Volume : 6
Issue : 1
Online ISSN : 2394-5478
Print ISSN : 2394-546X
Article First Page : 11
Article End Page : 14
Introduction: Microbial keratitis is a common, potentially vision-threatening ocular infection that may be caused by bacteria, fungi, or parasites. Successful treatment of corneal ulcer requires proper diagnosis and early institution of intensive therapy with appropriate antimicrobial agents.
Aim: To determine specific pathogenic organism and clinical risk factors for infective Keratitis.
Materials and Methods: Patient with clinical features of infective keratitis attending Ophthalmology OPD were included whose corneal scrapings were subjected to Gram staining, KOH Mount and culture sensitivity. Statistical analysis done by using appropriate statistical methods.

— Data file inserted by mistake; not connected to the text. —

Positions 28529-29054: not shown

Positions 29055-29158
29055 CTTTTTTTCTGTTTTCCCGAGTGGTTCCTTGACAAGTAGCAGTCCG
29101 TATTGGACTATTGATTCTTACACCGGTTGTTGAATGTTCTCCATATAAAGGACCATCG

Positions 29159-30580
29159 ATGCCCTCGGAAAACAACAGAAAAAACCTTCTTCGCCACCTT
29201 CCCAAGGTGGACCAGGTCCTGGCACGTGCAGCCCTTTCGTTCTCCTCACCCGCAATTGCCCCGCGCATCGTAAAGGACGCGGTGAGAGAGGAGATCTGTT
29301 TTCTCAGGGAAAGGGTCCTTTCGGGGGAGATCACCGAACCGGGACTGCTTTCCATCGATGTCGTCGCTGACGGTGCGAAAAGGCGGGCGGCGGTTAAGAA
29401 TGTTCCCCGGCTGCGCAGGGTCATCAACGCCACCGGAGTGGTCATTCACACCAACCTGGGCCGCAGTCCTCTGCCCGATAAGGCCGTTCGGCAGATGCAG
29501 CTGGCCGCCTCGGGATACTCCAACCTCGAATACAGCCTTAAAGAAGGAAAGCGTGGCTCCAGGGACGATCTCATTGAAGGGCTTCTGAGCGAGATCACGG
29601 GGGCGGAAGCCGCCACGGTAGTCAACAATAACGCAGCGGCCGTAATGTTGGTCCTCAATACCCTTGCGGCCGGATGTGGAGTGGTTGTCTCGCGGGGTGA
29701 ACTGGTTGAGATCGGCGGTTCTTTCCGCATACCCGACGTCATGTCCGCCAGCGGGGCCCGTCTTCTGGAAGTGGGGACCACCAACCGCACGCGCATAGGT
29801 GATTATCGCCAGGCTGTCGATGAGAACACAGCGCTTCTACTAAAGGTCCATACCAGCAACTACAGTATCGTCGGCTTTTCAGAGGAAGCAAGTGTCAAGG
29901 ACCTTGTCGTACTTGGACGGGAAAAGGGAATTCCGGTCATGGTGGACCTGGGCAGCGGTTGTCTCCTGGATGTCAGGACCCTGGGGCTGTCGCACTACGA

Results: 40 cases were evaluated. 23 were males and 17 females. Age ranged from 21 to 70 years. History of trauma was present in 47.5% of patients, ocular surface disease was present in 10% while diabetes was present in 10% of patients. Based on culture reports, bacterial and fungal keratitis found in (65%) 26 patients. There was no organism isolated from rest of the 14 samples (sterile keratitis). Bacteria were isolated in 14 samples and in 12 samples fungal growth was isolated. The commonest bacterial isolate were Staphylococcus aureus followed by Pseudomonas, Coagulase negative staphylococcus and Klebsiella. Aspergillus species was isolated in 7 patients and fusarium species in 4 patients. Gram positive isolates were maximally sensitive to Ofloxacin, gram negative to Gentamicin.
Conclusion: Staphylococcus aureus was the most common bacterium while Aspergillus was the most common fungus isolated. Trauma was the commonest risk factor for corneal ulcer.
Keywords: Corneal ulcer, Staphylococcus, Aspergillus, Trauma, Culture.